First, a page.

Patricia, an educator, has been assigned to work on the case of a student accused of defending terrorism during a middle school debate about the Charlie Hebdo massacre. She deplores what she calls “collective madness.”

Born south of the Loire River fourteen years ago this April, he is sent to me as one of the Republic’s bad jokes.

His parents come from Morocco and Tunisia; for the last twenty years, they have run a restaurant in a small town south of the Loire.

They haven’t called the restaurant ‘Oasis’ or ‘Djerba’; it has a local name, that of a regional dance.

Alone with me in the courthouse, the mother of the boy is living out the failure of a life dedicated entirely to blending in, to making people forget what she is, where she came from. Clearly, there is an intense desire to be ‘integrated’ into society.

She wants to explain who she is, to demonstrate, to prove, to make us understand.

“A shopkeeper, respected, respectful with others,” she says. “A mother of four children who are courteous and polite, appreciated by the neighbors, with parents who always show up for the parent-teacher conferences for all of the children; a family of moderate, non-practicing Muslims.”

These are the precise words she uses, and I give her the time to make this lengthy, unusually long introduction of herself.

I promise her I will photocopy the letters she has tucked here into an envelope, and read them later. Testimony, often unsolicited testimony, from neighbors, shopkeepers, the gym teacher, the head of the soccer club; they have all written to offer their good opinion of the boy’s family. Later, I read,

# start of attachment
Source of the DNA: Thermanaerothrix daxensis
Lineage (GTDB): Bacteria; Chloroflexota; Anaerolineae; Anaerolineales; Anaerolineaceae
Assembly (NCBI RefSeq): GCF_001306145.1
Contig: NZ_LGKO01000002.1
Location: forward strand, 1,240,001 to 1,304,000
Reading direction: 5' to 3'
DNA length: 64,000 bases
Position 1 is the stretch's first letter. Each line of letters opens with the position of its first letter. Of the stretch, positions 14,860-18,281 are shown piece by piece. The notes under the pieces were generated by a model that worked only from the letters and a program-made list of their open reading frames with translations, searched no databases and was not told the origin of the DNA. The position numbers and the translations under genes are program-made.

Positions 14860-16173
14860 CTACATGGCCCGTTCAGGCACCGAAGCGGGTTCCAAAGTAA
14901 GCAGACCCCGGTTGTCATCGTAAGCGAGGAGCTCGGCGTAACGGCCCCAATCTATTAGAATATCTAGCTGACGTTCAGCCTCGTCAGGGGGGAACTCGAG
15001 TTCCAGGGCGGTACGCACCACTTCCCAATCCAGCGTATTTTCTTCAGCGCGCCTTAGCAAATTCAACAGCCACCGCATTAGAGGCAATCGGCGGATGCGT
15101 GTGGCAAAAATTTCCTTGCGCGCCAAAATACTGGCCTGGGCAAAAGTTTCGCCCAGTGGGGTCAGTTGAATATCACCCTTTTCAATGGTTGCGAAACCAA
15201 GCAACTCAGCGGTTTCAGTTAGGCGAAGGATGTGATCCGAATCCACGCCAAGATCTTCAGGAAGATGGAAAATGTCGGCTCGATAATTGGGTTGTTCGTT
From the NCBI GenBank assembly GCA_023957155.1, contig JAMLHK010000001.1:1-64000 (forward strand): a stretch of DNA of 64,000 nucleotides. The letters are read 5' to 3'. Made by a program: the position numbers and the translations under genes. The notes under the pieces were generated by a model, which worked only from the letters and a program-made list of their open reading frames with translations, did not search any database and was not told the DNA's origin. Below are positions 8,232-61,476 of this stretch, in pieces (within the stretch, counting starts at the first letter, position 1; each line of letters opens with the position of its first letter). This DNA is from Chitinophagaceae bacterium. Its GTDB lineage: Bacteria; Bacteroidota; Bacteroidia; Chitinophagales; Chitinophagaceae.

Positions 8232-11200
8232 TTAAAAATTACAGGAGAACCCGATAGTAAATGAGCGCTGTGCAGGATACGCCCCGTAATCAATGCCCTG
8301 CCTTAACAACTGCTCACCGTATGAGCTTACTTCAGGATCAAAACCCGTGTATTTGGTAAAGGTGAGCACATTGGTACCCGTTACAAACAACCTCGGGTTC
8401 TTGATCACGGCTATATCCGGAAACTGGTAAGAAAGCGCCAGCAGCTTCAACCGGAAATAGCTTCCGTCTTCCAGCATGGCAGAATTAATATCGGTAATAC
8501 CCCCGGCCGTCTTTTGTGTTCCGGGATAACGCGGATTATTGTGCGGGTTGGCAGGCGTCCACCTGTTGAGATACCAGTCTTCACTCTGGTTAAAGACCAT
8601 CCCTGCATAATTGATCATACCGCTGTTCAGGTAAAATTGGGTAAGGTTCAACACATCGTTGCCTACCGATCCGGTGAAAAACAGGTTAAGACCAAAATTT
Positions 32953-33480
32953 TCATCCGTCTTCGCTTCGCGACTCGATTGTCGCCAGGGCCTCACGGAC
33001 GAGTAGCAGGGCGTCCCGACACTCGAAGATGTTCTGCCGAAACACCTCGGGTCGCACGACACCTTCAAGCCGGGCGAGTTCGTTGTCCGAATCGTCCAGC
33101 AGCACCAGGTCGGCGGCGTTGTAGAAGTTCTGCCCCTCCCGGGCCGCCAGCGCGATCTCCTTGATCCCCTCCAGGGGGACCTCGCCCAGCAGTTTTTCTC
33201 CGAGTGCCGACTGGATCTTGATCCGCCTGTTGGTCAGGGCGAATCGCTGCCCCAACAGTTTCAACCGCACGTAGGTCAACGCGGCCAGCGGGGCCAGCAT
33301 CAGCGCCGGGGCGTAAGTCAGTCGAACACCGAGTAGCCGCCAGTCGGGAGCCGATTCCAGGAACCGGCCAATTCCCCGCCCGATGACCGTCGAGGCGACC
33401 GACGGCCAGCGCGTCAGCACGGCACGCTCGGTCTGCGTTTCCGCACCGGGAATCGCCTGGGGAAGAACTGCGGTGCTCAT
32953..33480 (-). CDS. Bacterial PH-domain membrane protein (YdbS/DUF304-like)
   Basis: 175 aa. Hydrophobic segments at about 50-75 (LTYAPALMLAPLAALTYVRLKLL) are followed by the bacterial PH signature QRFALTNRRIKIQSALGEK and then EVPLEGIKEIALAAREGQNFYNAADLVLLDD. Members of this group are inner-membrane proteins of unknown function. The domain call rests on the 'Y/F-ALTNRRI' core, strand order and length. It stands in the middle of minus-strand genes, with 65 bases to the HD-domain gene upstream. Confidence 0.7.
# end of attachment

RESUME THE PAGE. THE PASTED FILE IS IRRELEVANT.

“Parents, hard working, polite children, he’s a soccer player who has been cited as an exemplar for his behavior both on the field and with his buddies. This case is surreal.”

I note the variety of family names born by these character witnesses: Gallic, Armenian, Spanish, North African…finally the mother begins to speak to me about her child.

“A boy who is nice to everyone, a good student up to now, but who has been growing up, wants to show off, thinking about girls, and his grades started slipping. His father smacked him, and since then, we’ve been ‘ruining his life.’

She starts out this discourse tense, determined. She ends it in tears, collapsing like the world she thought she had so carefully constructed.

My boy is in his third year of general studies at an ordinary public middle school run by the Republic. An institution of no particular note, neither considered elite, nor problematic.

The whole family returns home. I will remain and talk to the school’s principal. A different kind of conversation now, with an educator who will, he as well, need to talk out all that has suddenly hit him in the face since this affair began. It tumbles out of him, disordered.

“He’s not an angel, he can’t keep his mouth shut, he always has to put his two cents in,” the principal tells me. “He’s already had warnings, once for harassing a girl. I know the parents well; the mother is alright, but I have already told the father he is much too easy on them. The other day his daughter played her phone out loud in class, it was the call to prayer. Her father came to the school, and slapped her right in front of me. Maybe it wasn’t exactly the right thing to do, but it was a start.”

“For fifteen years we have been saying things can’t go on this way; there’s no respect for secularism. I have posted the Charter everywhere. The higher-ups don’t want to understand, they leave us with no direction. There are teachers who tell me they are going to vote for the National Front.”

But what did he do anyway, this pesky kid, to draw the wrath of heaven down on himself, to entangle himself in the net of the legal system, to ruin my day?